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Knowledge acquisition in supply chain partnerships: The role of power

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ABSTRACT Knowledge is recognised as an important source of competitive advantage and hence there has been increasing academic and practitioner interest in understanding and isolating the factors that contribute to effective knowledge transfer between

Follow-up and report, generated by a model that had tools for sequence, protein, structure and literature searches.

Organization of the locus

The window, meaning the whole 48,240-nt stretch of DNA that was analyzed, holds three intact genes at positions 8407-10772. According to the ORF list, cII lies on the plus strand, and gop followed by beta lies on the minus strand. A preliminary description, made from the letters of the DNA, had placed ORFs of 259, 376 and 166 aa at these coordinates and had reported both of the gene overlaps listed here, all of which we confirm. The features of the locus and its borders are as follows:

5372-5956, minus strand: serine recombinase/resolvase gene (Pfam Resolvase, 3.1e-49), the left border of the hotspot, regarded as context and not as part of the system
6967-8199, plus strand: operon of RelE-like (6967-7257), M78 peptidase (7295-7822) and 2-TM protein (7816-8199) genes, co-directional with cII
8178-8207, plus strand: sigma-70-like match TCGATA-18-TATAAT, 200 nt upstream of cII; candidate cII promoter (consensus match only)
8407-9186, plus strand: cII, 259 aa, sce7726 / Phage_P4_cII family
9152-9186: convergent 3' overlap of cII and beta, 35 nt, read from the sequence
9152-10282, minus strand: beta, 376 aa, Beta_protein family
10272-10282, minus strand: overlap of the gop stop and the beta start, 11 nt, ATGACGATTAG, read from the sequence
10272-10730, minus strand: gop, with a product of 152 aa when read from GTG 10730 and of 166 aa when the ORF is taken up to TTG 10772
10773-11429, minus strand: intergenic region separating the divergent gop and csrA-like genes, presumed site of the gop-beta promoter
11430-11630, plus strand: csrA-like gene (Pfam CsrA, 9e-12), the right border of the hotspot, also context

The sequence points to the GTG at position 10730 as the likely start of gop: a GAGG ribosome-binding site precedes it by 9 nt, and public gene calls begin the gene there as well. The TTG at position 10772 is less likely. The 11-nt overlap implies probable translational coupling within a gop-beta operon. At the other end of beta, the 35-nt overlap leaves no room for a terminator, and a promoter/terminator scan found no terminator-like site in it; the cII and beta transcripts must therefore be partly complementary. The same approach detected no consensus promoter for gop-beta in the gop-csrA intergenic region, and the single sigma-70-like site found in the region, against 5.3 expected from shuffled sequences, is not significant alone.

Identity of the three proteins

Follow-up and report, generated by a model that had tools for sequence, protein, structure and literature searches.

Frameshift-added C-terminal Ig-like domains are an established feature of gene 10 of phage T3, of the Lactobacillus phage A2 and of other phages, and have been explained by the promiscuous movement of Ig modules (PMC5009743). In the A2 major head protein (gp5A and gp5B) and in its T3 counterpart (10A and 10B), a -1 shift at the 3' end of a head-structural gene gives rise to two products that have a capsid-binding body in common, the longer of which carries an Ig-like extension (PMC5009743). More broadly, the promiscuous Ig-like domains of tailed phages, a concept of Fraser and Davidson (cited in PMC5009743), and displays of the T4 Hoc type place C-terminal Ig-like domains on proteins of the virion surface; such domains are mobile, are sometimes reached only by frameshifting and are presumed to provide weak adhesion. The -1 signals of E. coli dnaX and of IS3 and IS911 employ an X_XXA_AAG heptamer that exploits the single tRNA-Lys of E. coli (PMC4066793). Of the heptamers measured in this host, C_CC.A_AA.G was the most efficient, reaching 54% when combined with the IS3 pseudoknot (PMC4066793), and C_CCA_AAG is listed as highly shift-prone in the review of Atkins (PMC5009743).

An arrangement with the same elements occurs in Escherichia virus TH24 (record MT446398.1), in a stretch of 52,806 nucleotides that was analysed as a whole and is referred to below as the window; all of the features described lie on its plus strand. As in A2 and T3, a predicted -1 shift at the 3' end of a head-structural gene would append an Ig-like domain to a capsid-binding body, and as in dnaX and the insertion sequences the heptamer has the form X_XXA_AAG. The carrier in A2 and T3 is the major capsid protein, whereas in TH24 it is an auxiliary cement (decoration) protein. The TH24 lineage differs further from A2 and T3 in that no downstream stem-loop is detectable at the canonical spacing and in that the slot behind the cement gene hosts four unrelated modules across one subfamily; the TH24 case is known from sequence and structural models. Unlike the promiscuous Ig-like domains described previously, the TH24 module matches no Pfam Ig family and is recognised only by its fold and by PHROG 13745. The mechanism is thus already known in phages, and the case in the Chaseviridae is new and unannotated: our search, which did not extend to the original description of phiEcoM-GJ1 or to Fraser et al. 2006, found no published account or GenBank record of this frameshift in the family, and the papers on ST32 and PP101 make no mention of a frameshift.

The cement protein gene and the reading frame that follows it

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  Knowledge acquisition in supply chain partnerships: The role of power Qile He a , Abby Ghobadian b, n , David Gallear c a University of Bedfordshire Business School, Luton, Bedfordshire, LU1 3JU, UK  b Henley Business School, University of Reading, Greenlands, Henley-on-Thames, Oxfordshire, RG9 3AU, UK  c Brunel Business School, Kingston Lane, Uxbridge, Middlesex, UB8 3PH, UK  a r t i c l e i n f o  Article history: Received 1 April 2011Accepted 14 September 2012Available online 9 October 2012 Keywords: Supply chain partnershipKnowledge acquisitionPowerSupply chain performance a b s t r a c t Knowledge is recognised as an important source of competitive advantage and hence there has beenincreasing academic and practitioner interest in understanding and isolating the factors that contributeto effective knowledge transfer between supply chain actors. The literature identifies power as a salientcontributor to the effective operation of a supply chain partnership. However, there is a paucity of empirical research examining how power among actors influences knowledge acquisition and in turnthe performance of supply chain partners. The aim of this research is to address this gap by examiningthe relationship between power, knowledge acquisition and supply chain performance among thesupply chain partners of a focal Chinese steel manufacturer. A structured survey was used to collect thenecessary data. Two conceptually independent variables – ‘availability of alternatives’ and ‘restraint inthe use of power’ – were used to assess actual and realised power, respectively. Controlling forcontingencies, we found that the flow of knowledge increased when supply chain actors had limitedalternatives and when the more powerful actor exercised restraint in the use of power. Moreover, wefound a positive relationship between knowledge acquisition and supply chain performance. This paperenriches the literature by empirically extending our understanding of how power affects knowledgeacquisition and performance. &  2012 Elsevier B.V. All rights reserved. 1. Introduction This paper examines the relationship between power andknowledge transfer among supply chain partners because this isan important relationship and research in this area is scarce. Supplychain partnership is one of the most widely adopted forms of collaborative interfirm alliance (Pekar and Allio, 1994). This islargely due to features that afford flexibility within the relationshipsuch as contractual agreements between partners (if one exists atall) that are unlikely to possess the rigidity and legal agreements of the contracts prevalent in other forms of interfirm relationship, forexample joint ventures, R&D partnerships and cross licencing (e.g.,Wilson, 1995; Frankel et al., 1996; Lambert et al., 1996). A number of theories are used to explain the rationale forentering into collaborative agreements. These include transactioncost economics (TCE) (Williamson, 1975), the resource-based view(RBV) (Barney, 1991), resource dependence theory (RDT) (Pfeffer and Salancik, 1978), and the relational view (Dyer and Singh, 1998). According to TCE firms enter into collaborative agreements in orderto reduce the cost of participating in the market. Here, collaborativeagreements unlike merger and acquisition offer a restricted hier-archy because of partial absorption of interdependencies (Fitzroyet al., 2011). The RBV posits that firms enter into collaborativeagreements to complement their resources (Murray et al., 2005).AccordingtoRDTorganisationsareconstrainedandaffectedbytheirenvironments and attempt to manage resources dependencies bypursuing from amongst five options one of which is interorganisa-tional collaboration (Pfeffer and Salancik, 2003). As such, RDT positsthat firms use collaborative arrangements to reduce uncertainty andinterdependence (Harrigan and Newman, 1990). The relational viewpostulates that idiosyncratic interfirm linkages are a source of superior rent. Dyer and Singh (1998) identify four sources of relational rents: (a) relation-specific assets; (b) knowledge sharingroutines; (c) complementary resources/capabilities; and (d) effectivegovernance. The unit of analysis in the case of the relational view isnetworks and/or dyads of firms, while the firm is the unit of analysisin the case of the other three theories. There are two importantpoints to note. First, RBV, the relational view, and RDT are com-plementary. For example, the RBV posits that inter-organisationcollaboration facilitates the development of valuable resources,while the relational view argues that shared resources and routinesare a source of competitive advantage. In essence RBV describeshow/why, and the relational view describes what/why. Second, aswe discuss later, RDT is the only theory that implicitly recognisesthe significance of power. Contents lists available at SciVerse ScienceDirectjournal homepage: www.elsevier.com/locate/ijpe Int. J. Production Economics 0925-5273/$-see front matter  &  2012 Elsevier B.V. All rights reserved.http://dx.doi.org/10.1016/j.ijpe.2012.09.019 n Corresponding author. Tel.:  þ 44 1491 418756. E-mail addresses:  Qile.He@beds.ac.uk (Q. He),abby.ghobadian@henley.reading.ac.uk (A. Ghobadian),David.Gallear@brunel.ac.uk (D. Gallear).Int. J. Production Economics 141 (2013) 605–618  The knowledge based view (KBV) uses the logic of RBV toposit that ‘‘knowledge’’ is a major determinant of competiveness(Kogut and Zander, 1992; Grant, 1996). Moreover, scholars postulate that knowledge sharing between alliance partners is amajor contributor to enhanced competitiveness (Levinson andAsahi, 1995; Mowery et al., 1996; Inkpen, 1998). Not surprisingly, knowledge management practices among supply chain partnershave attracted much attention (e.g., Beecham and Cordey-Hayes,1998; Kotabe et al., 2003; Hult et al., 2004; Handfield and Lawson, 2007; Modi and Mabert, 2007; Rauniar et al., 2008; Pedroso and Nakano, 2009). The literature suggests that partnerships betweenbuyerandsupplierfirmsareaconduitforknowledgesharingthatcanresult in improved performance along the entire supply chain (Heideand Miner, 1992; Dyer and Nobeoka, 2000; Krause et al., 2007; Rauniar et al., 2008; Lawson et al., 2009; Cao and Zhang, 2010). One strand of empirical research on supply chain partnershipshas focused on isolating and examining the impact of keyattributes of partnership (most commonly trust, commitment,interdependence and shared meaning) on the exchange of knowl-edge between supply chain partners (e.g., Spekman et al., 2002;Hult et al., 2004; Dyer and Hatch, 2006; Krause et al., 2007; Modi and Mabert, 2007; Panayides and Venus Lun, 2009). According to the extant literature, power among supply chain partners isanother key attribute influencing the operational behaviour andperformance of supply chain partners (Lascelles and Dale, 1989;New, 1998; Cox, 1999; Cox et al., 2001; Hallikas et al., 2005; Ke et al., 2009; Liu et al., 2010). The relative power of partners is likely to significantly influence the distribution of responsibilitiesand the flow of benefits between them (Benton and Maloni, 2005;Hingley, 2005; Zhao et al., 2008; Ke et al., 2009; Esmaeili and Zeephongsekul, 2010).The importance of power goes beyond academic curiosity.According to Cox (1999), cognisance of power is of significantimportance to practitioners as well as academics. He argued thatif they fail to understand power within the supply chain, bothpractitioners and academics ‘may well be guilty of recommendingstrategies and operational practices that are inappropriate for thesupply chains in which they operate’ (Cox, 1999, p. 172). Maloni and Benton (2000) echoed this view and suggested that supplychain practice or research that does not account for the influenceof power cannot be entirely realistic or implementable.Research examining the relationship between power anddifferent attributes of supply chain partnership is relativelysparse and generally suffers from methodological shortcomings.As far as we were able to ascertain, the majority of publicationsthat do exist are either conceptual (e.g., Cox, 1999, 2004; Watson, 1999; Cox et al., 2001; Li et al., 2002; Sucky, 2006; Crook and Combs, 2007; Muthusamy et al., 2008), or descriptive (e.g., Ogbonna and Wilkinson, 1998; Ireland, 1999; Watson, 2001). The lack of empirical research is potentially detrimental to thescholarly development of the field and to practice. Moreover, thelimited number of empirical studies we were able to locate alsodisplayed methodological limitations. The majority were casebased, hence limiting the opportunity to develop generalisableconclusions (e.g., Bates and Slack, 1998; Sanderson, 2001; Cousins, 2002; Faria and Wensley, 2002; Hingley, 2005; Krajewski et al., 2005; Narasimhan et al., 2009). The few published studies using survey methodology lacked clarity on validity and reliability issues(e.g., Provan and Gassenheimer, 1994; Yeung et al., 2009). Further- more, the previous quantitative studies we located that dealt withmultiple dependent variables (e.g., Provan and Gassenheimer, 1994;Berthon et al., 2003; Caniels and Gelderman, 2007) generally used analytical methods such as multiple regression, rather than techni-ques such as canonical correlation, MANOVA, MANCOVA and SEM(structural equation modelling) as recommended by Podsakoff andDalton (1987), which can simultaneously handle multiple dependentvariables, and account for systematic variances of dependent vari-ables and potential interrelationships between dependent variables.There are a small number of exceptions (e.g., Zhao et al., 2008; Ke et al., 2009). For example, Zhao et al. (2008) examined the impact of  power and relationship commitment on supply chain integrationusing SEM. Ke et al. (2009) examined the impact of mediated andnon-mediated power on electronic supply chain management sys-tem adoption, following a partial least squares technique. However,the foci of these two studies are significantly different from the focusof the present study.Turning our attention to research specifically concerned withthe relationship between power and knowledge sharing amongsupply chain partners, additional shortcomings are evident. First,despite its apparent importance (Beecham and Cordey-Hayes,1998; Dyer and Nobeoka, 2000; Ke and Wei, 2007; Muthusamy et al., 2008; Ke et al., 2009) there is a dearth of empirical studies examining this relationship. It is a specific field of study thatrequires greater attention. Second, there is a divergence of viewsabout the impact of power. Some authors argue that power isdetrimental (Beecham and Cordey-Hayes, 1998; Maloni and Benton, 2000; Muthusamy et al., 2008), while others argue that power is helpful (Cox, 1999; Dyer and Nobeoka, 2000; Yeung et al., 2009). This lack of consistency, which we return to in thenext section, provides a further impetus for this study.Despite the existence of numerous literature contributionsexamining relationship factors such as trust, commitment, inter-dependence and shared meaning, the literature suggests thatthere is a lack of empirical research examining power in supplychain partnerships (see also Caniels and Gelderman, 2007), andespecially its influence on interfirm knowledge transfer. Giventhat power tends to be a complex factor influencing the dynamicsof supply chain partnership, we argue that it is critically impor-tant to give power due consideration in its own right throughempirical study. For example, if we find that the restraint of power enhances knowledge acquisition, then management beha-viour that seeks to take advantage of actual power purely for self-interest is likely in the long term to be detrimental to improvingperformance, and such behaviour needs to be re-evaluated.This paper therefore contributes to the extant literature by examin-ing the relationship between power and knowledge transfer amongsupply chain partners. Furthermore, we extend the understandingbyexamining the effecton supplychainperformance. If we findthatknowledge acquisition enhances overall supply chain performancethen boundary-spanning employees and managers should beempowered and equipped better to lead knowledge acquisitionefforts, and supply chain partners should be encouraged to identifyand develop the context-specific practices that will provide thenecessary, sustainable communication and collaboration platforms.We use two constructs rooted in appropriate theory – ‘availability of alternatives’ and ‘restraint in the use of power’ – to assess power,and we also examine their interactional effect. We controlled for theeffects of partnership duration in our model. As a further methodo-logical extension, we controlled for contingencies present in pre-vious studies that used a cross-section of independent firms, byfocusing on actors operating within the supply chain of a singlefocal firm. 2. Literature In this section we start by examining the concept of power andreview how power might influence the behaviour of supply chainpartners. This is followed by a discussion of the two indicators of power among supply chain partners. We then discuss knowledgeacquisition which underpins any interfirm knowledge transferprocess. Q. He et al. / Int. J. Production Economics 141 (2013) 605–618 606   2.1. Power and supply chain partnerships The study of power and its consequences has its roots in socialand political sciences. More recently power has been used byscholars to study the behaviour of marketing channels and supplychain relationships (e.g., Ramsay, 1996; Maloni and Benton, 2000; Cox et al., 2001). Power is defined as the ability of one party (A) toget another party (B) to undertake an activity that B would nototherwise undertake (Cox et al., 2001). The literature distin-guishes between ‘possessed power’ and ‘realised power’. ‘Realisedpower’ is the outcome of exercising ‘possessed power’ to bringabout intended changes in the behaviour of the counterpart.According to Muthusamy and White (2006) power is eitherbalanced or unbalanced. Balanced power exists where partner-ship actors possess broadly similar levels of power in influencingeach other’s decisions, while unbalanced power exists when oneor more actors are able to manipulate decisions of the other actors(Muthusamy and White, 2006).RDT characterises the firm as an open system, dependent oncontingencies in the external environment (Pfeffer and Salancik,1978). The theory attempts to address two key questions. First,where power and dependence come from? Second, how managersuse organisation’s power and manage their dependence? It positsthat managers can and do act to reduce environmental uncer-tainty and dependence (Hillman et al., 2009). Central to thisaction is the concept of power — control over vital resources(Ulrich and Barney, 1984). According to Pfeffer and Salancik (1978) firms engage in interorganisational relationships to mini-mise uncertainties and dependencies. According to RDT if firm A,supplying intermediate goods, supplies only one major customer(firm B), then firm A is dependent on firm B, but if A suppliesmany firms and amongst these is firm B, then the two firms aremutually dependent on one another. To ensure consistency withRDT, through the rest of this paper we use ‘‘mutual dependence’’to signify ‘‘balanced power’’ and ‘‘dependence’’ to signify ‘‘asym-metric power’’. Furthermore, as will become clear, our measure of power is rooted in dependence.A number of scholars argue that in practice, mutual depen-dence among supply chain actors is a rarity due to differences insize, business resources, availability of alternatives and reputation(Ramsay, 1996). Moreover, New (1998), p.18 argued that ‘even amongst firms who wished to work collaboratively, there seemedlittle chance of abandoning the sanctions and mechanism of the market’. This suggests that irrespective of intentions, powerconsiderations play a role in every type of supply chain.The existence of two archetypal buyer–supplier relationships — ‘-strong buyer–weak supplier’ and ‘weak buyer–strong supplier’was illustrated by Bates and Slack (1998). However, the relation-ship between exchange partners is dynamic and may shiftbetween partners from one transaction to another (Pfeffer andSalancik, 1978).The literature is divided on how dependence influencespurchaser–supplier relationships with some scholars pointing toa positive and others to a negative consequence. In his conceptualpaper, McDonald (1999) argued that dependence of one party onanother in the case of buyers and suppliers is likely to result inunproductive partnerships. This is a view shared by industrycommentators. For example, the Competition Commission con-cluded that ‘the transfer of excessive risk and unexpected costs bygrocery retailers to their suppliers through various supply chainpractices, if unchecked, will have an adverse effect on investmentand innovation in the supply chain, and ultimately on consumers’(Competition Commission, 2008, p. 6). A number of empiricalstudies also support this proposition (Heide and Miner, 1992;Beecham and Cordey-Hayes, 1998; Maloni and Benton, 2000). Maloni and Benton (2000) argued that dependence has thepotential to upset the mutuality of relationships, and thereforeacts as a barrier to win–win integration. That is, that in anunbalanced relationship the dependency may not be reciprocal,such that one partner has power over the other but not vice versa(Wilson, 1995). Under such circumstances, exploitation ratherthan cooperation might result (Heide and Miner, 1992).Other scholars argue that dependency may result in favourableconsequences. For example, Lascelles and Dale (1989) suggestedthat buyers’ purchasing power often contributes to successfulquality improvement of the supplier. Cox (1999) makes asimilar point, highlighting that Toyota used its suppliers’ depen-dency to force them to adopt innovations such as an assemblybased, demand-pull and just-in-time (JIT) system. Yeung et al.,(2009) study concluded that coercive power improves supplierintegration in Chinese supply chains, with or without the pre-sence of trust. He argued that the exercise of power can poten-tially assure congruence in goals and activities, particularly in theabsence of a well specified cooperation agreement. Each of thesestudies supports the view dependency may result in beneficialeffects.In addition to the disagreement present in the literature, thereis a paucity of empirical research specifically examining theinfluence of power on the transfer of knowledge between supplychain partners.  2.2. Indicators of power  Unlike other attributes of supply chain partnerships, powercannot be readily measured (New, 1998). This is because power isan amalgam of complex social, economic and even psychologicalfactors. It is a subjective phenomenon predicated on one’s belief or expectation of how another actor will create an impact ononeself (Cho and Chu, 1994). Cox (1999) notes that when examining the power relationship between purchasers and sup-pliers operating within the same supply chain, it is the relativerather than the absolute power that is of interest. In this researchwe were interested in ascertaining the impact of power amongthe supply chain actors of a focal firm on the transfer of knowl-edge between them, rather than measuring the absolute power of each actor, which presents significant challenges.The literature identifies two main indicators of power amongactors within a focal firm’s supply chain – ‘availability of alter-natives’ and ‘restraint in the use of power’ (e.g., Hardwick andFord, 1986; Ganesan, 1994; Kim et al., 2004; Crook and Combs, 2007). Power-dependence theory posits that inequalities independence create power imbalances that can lead to conflict insocial exchange (Emerson, 1962). Although both actors could bemutually dependent in an exchange, it does not mean that theyare equally dependent on each other (Kim et al., 2004). The lessdependent actor will maintain a power advantage, resulting in apower imbalance. According to both marketing channel theory(e.g., Ganesan, 1994) and bargaining theory (e.g., Yan and Gray, 1994), an important source of dependence is a lack of alternatives.This accords with Hardwick and Ford’s (1986) proposition thatdependence, at whatever level, represents a poor option since itderives from a lack of choice. Although a supply chain partnershipis formed on the basis of vertical complementarities (Christopher,1998), which result in a certain level of mutual dependence, thelack of alternatives for one party will still limit the extent of equalsay in the partnership (Anderson and Weitz, 1989). Building onthis point, Crook and Combs (2007) suggest that members of acollaborative supply chain who furnish important resourcesor resources where control is concentrated, enjoy superior bar-gaining power. That is to say, a lack of alternatives increasesdependency and reduces opportunity for independent behaviour.Conversely, a supply chain actor with alternatives is more likely Q. He et al. / Int. J. Production Economics 141 (2013) 605–618  607  to exploit those actors with fewer options (Anderson and Narus,1990; Ganesan, 1994). Thesecondfactorexplainingpower,‘restraintintheuseofpower’,affects ‘realised’ power. It is highly probable that in a supply chainone party may be dependent on another due to differences inavailability of alternatives (Ramsay, 1996; New, 1998; Cox, 1999). However, dependency may be neutralised if those with powerexercise restraint in its exploitive use (Muthusamy and White,2006). Consideration of long-term interests and future gains mayencourage firms to adopt a policy predicated on the restricted use of power (Heide and Miner, 1992; Muthusamy and White, 2005), or power may, in fact, be used to positively influence a less powerfulactor (Dyer and Nobeoka, 2000). Maloni and Benton’s (2000) study showed that some automobile manufacturers with objective powerchose to follow a cooperative approach, encouraging communicationand sharing of benefits; while others opted for a competitiveapproach, exercising their leverage over weaker supply chain part-ners. In particular, however, Maloni and Benton (2000) observed thatif a boundary-spanning manager is willing to restrain the excessiveuse of power over their partner and at the same time allow thepartner to have a say, then each partner is more likely to havepositive feelings or psychological attachment to the relationship dueto a better balance in realised power.The preceding arguments illustrate that availability of alter-natives determines dependency among supply chain partners,while policy towards the deployment of power determines therealised power, and that together, these two variables determinethe level of dependency among supply chain actors of a focal firm.  2.3. Knowledge acquisition Knowledge acquisition is the process of accessing and absorbingknowledge through direct or indirect contact or interaction withknowledge sources (e.g., Inkpen and Dinur, 1998; Albino et al., 1999; Hult et al., 2004). KBV posits that the relative ability to acquire anddevelop knowledge is the key reason for variances in organisationalperformance (Grant, 1996). Accordingly knowledge acquisition cap-ability is an essential contributor to the enhanced operation of supplychain partners. Typical knowledge acquisition mechanisms in supplychains include joint problem solving, ongoing manual adjustment(Love and Gunasekaran, 1999; Kotabe et al., 2003), supplier co-design (Beecham and Cordey-Hayes, 1998; Handfield et al., 1999) and co- location (Cousins et al., 2008). In the next section we discuss theinfluence of power on knowledge acquisition. 3. Research hypotheses In this section we develop our hypotheses. In this researchwe deploy two conceptually distinct constructs to assess power:actual power and realised power. Fig. 1 illustrates the hypothesisedrelationships between the study variables, namely availability of alternatives, restraint in the use of power, knowledge acquisitionand supplychain performance, as well as between our two predictorvariables.  3.1. The influence o power on knowledge acquisition The measure of actual power in this study is the availability of alternative partners, that is to say, the greater the number of potential alternatives the firm has, the less dependent the firm isand hence the more powerful it is. The extant literature suggeststhat actors with many alternative partners in a supply chain areless likely to become dependent on a partnership, and that thesestronger actors might be tempted to exploit their power (Canielsand Gelderman, 2007). Moreover, a partner with many alterna-tives is more likely to restrict the out-flow of knowledge toprotect its core proprietary assets or market position, althoughat the same time it is acknowledged that it may be more able tocoerce knowledge out of the dependent partners (Albino et al.,1999). It has been noted, nevertheless, that stronger partners’ lackof recognition for weaker partners can result in missed opportu-nities because valuable knowledge possessed by the weaker partyis ignored (Beecham and Cordey-Hayes, 1998). Others argue thatweaker partners with fewer alternatives are also likely to limitexposing valuable knowledge to stronger partners to avoidexploitation and to reduce the likelihood of obsolescence(Anderson and Weitz, 1989; Provan and Skinner, 1989). Anderson and Weitz (1989) note that there is ample evidencethat the weaker party becomes mistrustful and apprehensiveabout the stronger party’s intentions. The weaker partner conse-quently may even engage in a pre-emptive strike against themore powerful partner to protect its knowledge assets (Kumaret al., 1995). The evidence suggests that availability of alternativesis likely to discourage actors operating within a focal supply chainfrom being open with each other and sharing knowledge, as fearof exploitation and obsolescence are likely to be higher. Therefore, Hypothesis 1.  The availability of alternatives to partners isnegatively related to the level of knowledge acquisition betweena firm and its supply chain partners.The measure of realised power in this study is the voluntaryrestraint in the use of power or its constructive deployment.As discussed in Section 2, firms’ policies towards the use of power and the manner in which power is used has been shown to influencecommunication and information sharing (Maloni and Benton, 2000).Moreover, the evidence suggests that different levels of intention toexercise power may contribute to different levels of knowledgesharing and partnering from ‘uninvolved’ to ‘integrated’ (Beechamand Cordey-Hayes, 1998). For example, technology partneringinvolves extensive exchange of knowledge. This line of reasoninghas a direct resonance for our study. Commitment to a relationship isenhanced when partners in less powerful positions observe andexperience the willingness of a more powerful partner not to exercisethatpowerforself-interest,butrathertorestrainexcessiveuseofthatpower in the interests of long-term gains (Muthusamy and White,2005). The positive impressions generate positive reactions, openingup communication channels and engendering genuine desires towork more closely for mutual benefit. This enhanced communicationand cooperation provides the platform for knowledge exchange.The arguments proffered suggest that restraint in the use of powerwill enhance knowledge sharing between supply chain partners.Therefore, Hypothesis 2.  The restraint in the use of power in a relationshipis positively related to the level of knowledge acquisition betweena firm and its supply chain partners.  3.2. The relationship between the two indicators of power  The indicators of power in this study are availability of alternatives and restraint in the use of power. Their relationship H1 (-)H2 (+) Knowledge acquisitionSupply chain performance Availability of alternatives Restraint in theuse of power H4 (+)H3 (-) Fig. 1.  Framework of relationships between the indicators of power, knowledgeacquisition and supply chain performance. Q. He et al. / Int. J. Production Economics 141 (2013) 605–618 608  needs to be examined. The literature indicates that the twoindicators of power are associated. Both resource-dependencetheory (Pfeffer and Salancik, 1978) and power-dependence theory(Emerson, 1962) suggests that power can be viewed in terms of dependency. Dependence will increase when fewer alternativesources of exchange are available to the focal firm, or whenreplacing or substituting a current exchange partner is difficult(Heide and John, 1988). Waheed and Gaur (2012) built on the power-dependence theory and posited that the dependence of one party on a source is directly related to the rewards obtainedfrom that source and inversely related to the number of alter-native sources of those rewards. Thus the availability of alter-natives to one party in a relationship reduces its dependency andoften contributes to its power over the other (Anderson andWeitz, 1989). Especially in circumstances where one party pos-sesses substantial leverage over the other, the stronger party willoften exploit the dependence of its partner and create terms of trade in favour of itself (Heide and John, 1988; Anderson and Weitz, 1989). In the absence of moral or altruistic reasons, policy/belief, or the absence of tight contractual agreements as isparticularly the case with supply chain partnerships, there islittle incentive for a stronger partner with many alternatives toexercise restraint in the use of that power. In such circumstances,it is more likely to use that power in order to strengthenits competitive position (Ganesan, 1994). These argumentsimply that restraint in the use of power is less likely to existin situations when there is an availability of alternatives. Simi-larly, resource dependency theory (Caniels and Gelderman, 2007)supports the proposition that in circumstances where restraint inthe use of power is observed to be exercised, it is likely to be asituation where there are less alternatives available, in otherwords, a situation where there is reason for restraint to beexercised (Muthusamy and White, 2006). These two situationsequate to an inverse (or negative) correlation between the twoindicators of power. Therefore, Hypothesis 3.  The availability of alternatives to actors in a supplychain partnership is negatively correlated with restraint in theuse of power by more powerful actors.  3.3. Knowledge acquisition and performance improvement  The suggestion that acquisition of external knowledge enhancesthe performance of firms operating within a supply chain enjoysbroad support (Wu and Hsu, 2001; Kotabe et al., 2003; Modi and Mabert, 2007; Rauniar et al., 2008; Yeung et al., 2008; Lawson et al., 2009).AccordingtoDyerandNobeoka(2000)andEthirajetal.(2005) theprocessofknowledgeacquisitionhasapositiveimpactonafirm’scapability. They noted that the process generates ‘dynamic learningcapabilities’ and ‘client-specific capabilities’, respectively. Similarly,the quantity and variety of knowledge acquired by a firm has beenfound to enhance its innovativeness, eventually improving its perfor-mance (Wu and Hsu, 2001). Kotabe et al. (2003) study showed that sharing of technical know-how improved suppliers’ performance.Similarly, it has been shown that undertaking knowledge transferactivities helps a firm create value for itself in the form of improvedsupplier performance (Modi and Mabert, 2007). Key attributes of customer knowledge that when shared have a significant impact onoperational performance of the focal firm have also been identified(Yeung et al., 2008). Thus the thrust in the literature suggests thatknowledge acquisition has a positive impact on performance.Therefore, Hypothesis 4.  The level of knowledge acquisition from its supplychain partners is positively related to the supply chain perfor-mance of a focal firm. 4. Research method To test the hypotheses, our research design was informed byHult et al. (2002) and Hallikas et al. (2005). We used the supply chain of a single focal firm as our sampling frame. Examining thesupply chain of a single focal firm is inherently fine grainedbecause it avoids the confounding effects of studying a collectionof firms operating within different supply chains (Hult et al.,2004). This is because management practices, power and sectoralcontingencies vary from supply chain to supply chain. Therefore, ourprimary data were collected from the supply network of a largeChinese steel producer using a structured survey instrument.The choice of industry is also important and the steel industryoffers a number of advantages. First, the steel industry’s supplychain represents a traditional chain with discernible explicitmovements of raw materials and products, as well as flow of funds and information. Second, it is possible to accurately andreadily locate upstream and downstream supplier firms, andhence develop a sample where both are well represented.Finally,thisapproachislikelytoyieldamuchhigherresponseratecompared with the cold calling approach. Once the participation of the focal firm is secured, the assistance or sponsorship from the focalfirmtosecure access to other firms withinits networkmaylegitimisethe survey and encourage greater response. 4.1. Instrument design and administration We followed Dillman’s (2000) tailored design method for devel-oping and administrating our questionnaire in order to (a) ensure aclose fit between the constructs, research context and the targetpopulation; and (b) maximise the response rate. To enhance validityand reliability, we adopted predictor variables from previous studies,provided that they were suitable for our target sample and congruentwith our aims. To identify the appropriate measures of availability of alternatives and restraint in the use of power, we compared therelevant items from Anderson and Weitz (1992), Heide and Miner (1992), Ganesan (1994), Maloni and Benton (2000) and Muthusamy and White (2006). The items for availability of alternatives fromGanesan (1994) and the items for restraint in the use of power fromHeide and Miner (1992) were found to be the most suitable. Theseitems have been widely acknowledged and adopted by previousresearchers as measures of power in inter-organisational research(e.g., Kemp and Ghauri, 2001; Storer et al., 2005; Waheed and Gaur, 2012). Similarly, we compared the measures of knowledge acquisi-tion from Kotabe et al. (2003), Hult et al. (2004) and Ramasamy et al. (2006),andfoundHultetal.,(2004)itemstobethemostappropriate. Table 1 presents the items adopted. The predictor variables (avail-ability of alternatives, restraint in the use of power, and knowledgeacquisition) were measured using a 7-point Likert-type scale, where1 ¼ strongly disagree and 7 ¼ strongly agree.For supply chain performance we adopted the frameworkproposed by Gunasekaran et al. (2001) because of its comprehen-siveness. The literature examining specific facets of supply chainperformance affected by knowledge transfer is underdeveloped,and hence we did not have a strong justification for including orexcluding any of the 35 measures proposed by Gunasekaran et al.(2001) a priori. On the other hand, from a practical point of viewwe needed to include only measures of performance relevant tothe supply chain under consideration. To this end we conductedfour in-depth interviews with the appropriate senior managers of the focal firm and two field experts and consequently weeliminated 21 of the measures because of their poor fit with theneeds of the focal firm and its supply chain partners, and retained14 measures deemed most relevant (see Table 2).Following the approach of previous researchers (Murray et al.,1995; Wu and Cavusgil, 2006), a relative-term scale was used. Q. He et al. / Int. J. Production Economics 141 (2013) 605–618  609